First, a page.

Thousands race to beat deadline for hurricane recovery grant
NEW ORLEANS (AP) _ Bessie Griffin needs a government grant to rebuild the home Hurricane Katrina wrecked, but procrastinating may have cost her dearly.
Griffin had vowed to be the first on her block to rebuild when she returned to New Orleans after the Aug. 29, 2005, storm. Her enthusiasm gave way to crippling despair, however, after she gave $10,000 to an unscrupulous contractor who left town without working on her home.
Griffin, 59, beat Tuesday's deadline to apply for federally funded, state-administered grants of up to $150,000, but she has heard reports that the state's Road Home program could go broke before thousands of applicants get their money.
``If the government doesn't give me any assistance, then I guess I'm going to have to go overextend myself and take out a loan,'' Griffin said as she waited Friday to meet with Road Home representatives.
Road Home applications were pouring in as Tuesday's deadline approached, peaking at 1,600 applications one day earlier this month. Whether any money is left for last-minute applicants remains to be seen.
Road Home is awash in red ink, pledging more money to homeowners than the program can pay. The homeowner assistance program is funded with $6.4 billion in federal recovery money, but it faces an estimated $5 billion shortfall in what would be needed to help all eligible applicants.
That's why state officials set an application deadline for what once was an open-ended program. They want a tally of how many people are eligible so they know how much money to seek from Congress to fill the gap.
Meanwhile, they're also working on a plan to reshuffle federal recovery aid and use state surplus dollars to raise $1 billion, a plan that still needs approval from state lawmakers and federal officials.
Andy Kopplin, executive director of Gov. Kathleen Blanco's Louisiana Recovery Authority, said the program is awarding about 10,000 grants a month _ to the tune of about $750 million.
``A billion dollars buys another five or six weeks of closings,'' Kopplin said of the new infusion of cash, which is expected to be approved.
Even with the $1 billion boost, LRA estimates the program will run out of money by mid-December without additional cash. LRA estimates 49,000 eligible homeowners wouldn't receive grants if Congress doesn't provide extra funding.
More than $2.5 billion in grants have been handed out to more than 38,800 homeowners. Another $5.1 billion in benefits have been calculated for 72,500 additional applicants, exceeding the dollars on hand even with the $1 billion bailout.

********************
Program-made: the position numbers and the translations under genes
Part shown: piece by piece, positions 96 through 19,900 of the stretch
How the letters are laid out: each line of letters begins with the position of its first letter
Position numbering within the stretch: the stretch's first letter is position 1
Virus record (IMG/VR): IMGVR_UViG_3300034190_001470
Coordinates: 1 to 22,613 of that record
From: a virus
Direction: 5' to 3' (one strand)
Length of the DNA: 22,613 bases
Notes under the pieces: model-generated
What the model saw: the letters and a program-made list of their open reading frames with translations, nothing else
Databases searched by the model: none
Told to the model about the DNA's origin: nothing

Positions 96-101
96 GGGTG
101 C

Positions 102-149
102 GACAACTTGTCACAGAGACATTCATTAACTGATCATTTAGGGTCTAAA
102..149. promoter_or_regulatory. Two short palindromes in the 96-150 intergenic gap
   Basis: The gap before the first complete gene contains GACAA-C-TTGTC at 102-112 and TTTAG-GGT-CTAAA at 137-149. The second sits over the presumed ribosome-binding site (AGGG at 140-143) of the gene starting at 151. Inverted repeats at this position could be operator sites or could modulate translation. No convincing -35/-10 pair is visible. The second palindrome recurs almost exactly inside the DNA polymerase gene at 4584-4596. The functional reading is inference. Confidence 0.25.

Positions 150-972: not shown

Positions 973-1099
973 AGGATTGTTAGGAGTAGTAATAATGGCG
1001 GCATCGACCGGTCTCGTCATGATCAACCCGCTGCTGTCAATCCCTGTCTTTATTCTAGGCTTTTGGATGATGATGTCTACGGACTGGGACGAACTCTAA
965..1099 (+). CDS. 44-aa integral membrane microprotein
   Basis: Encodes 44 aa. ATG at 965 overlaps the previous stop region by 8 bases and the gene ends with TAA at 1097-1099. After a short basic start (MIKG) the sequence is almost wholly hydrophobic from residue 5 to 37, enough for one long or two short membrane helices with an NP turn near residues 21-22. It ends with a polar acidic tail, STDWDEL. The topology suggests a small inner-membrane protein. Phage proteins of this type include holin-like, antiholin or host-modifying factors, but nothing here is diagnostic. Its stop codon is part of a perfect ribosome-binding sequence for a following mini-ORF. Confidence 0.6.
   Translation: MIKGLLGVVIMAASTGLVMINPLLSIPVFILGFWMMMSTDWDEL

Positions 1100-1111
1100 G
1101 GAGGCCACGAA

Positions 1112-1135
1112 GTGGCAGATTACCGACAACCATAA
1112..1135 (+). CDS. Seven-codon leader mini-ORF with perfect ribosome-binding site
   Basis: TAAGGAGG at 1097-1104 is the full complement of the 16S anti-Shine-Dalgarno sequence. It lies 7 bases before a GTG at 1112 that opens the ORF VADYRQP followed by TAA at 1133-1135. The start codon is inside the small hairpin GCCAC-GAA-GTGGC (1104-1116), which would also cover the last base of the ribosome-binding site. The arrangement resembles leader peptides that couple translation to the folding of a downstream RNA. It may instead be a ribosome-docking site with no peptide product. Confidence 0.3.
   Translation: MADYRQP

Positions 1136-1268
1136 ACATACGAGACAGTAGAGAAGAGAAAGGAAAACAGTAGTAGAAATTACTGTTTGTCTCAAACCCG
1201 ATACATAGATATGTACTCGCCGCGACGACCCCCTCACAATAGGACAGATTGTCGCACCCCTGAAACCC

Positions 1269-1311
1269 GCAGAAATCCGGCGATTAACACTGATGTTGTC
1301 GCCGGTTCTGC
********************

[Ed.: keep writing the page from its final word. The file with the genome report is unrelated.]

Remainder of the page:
To fill the gap, Blanco is looking to Washington. Now that the state has committed some of its own money to a Road Home bailout, Louisiana officials hope to get more for the program in an Iraq war spending bill expected to come before Congress in September or October.
While congressional leaders have expressed support for a Road Home bailout, the White House has been less committal. Donald Powell, President Bush's Gulf Coast recovery chief, hasn't indicated whether the White House would back more aid for the program.
Powell and Louisiana officials offer conflicting explanations for the Road Home shortfall. Blanco and LRA officials blame inaccurate damage estimates by the federal government. Powell has said the state included more people in the program than federal officials agreed to fund.
State and federal officials are discussing the shortfall, but Powell is seeking more information before he takes a stance on a bailout.
``We look forward to further conversations and a discussion of the facts and analysis,'' said Evan McLaughlin, a spokesman with the federal Office of Gulf Coast Rebuilding.
State officials say it will take weeks to sift through the applications and determine how many are eligible _ and how much money the program truly will cost.
As Tuesday's deadline approached, several dozen property owners gathered at First Pilgrim Baptist Church in New Orleans to fill out Road Home applications or press officials for answers about pending applications.
Joe Cox, 41, and his wife, Tara Cox, 37, applied for a Road Home grant several months ago and are still waiting to hear if they are eligible for any money.
``We're not holding out much hope,'' Tara Cox said.
That didn't stop the couple from slowly rebuilding on their own, without Road Home's assistance.
``It's a matter of adjusting expectations,'' Joe Cox said. ``We didn't expect anything from it.''
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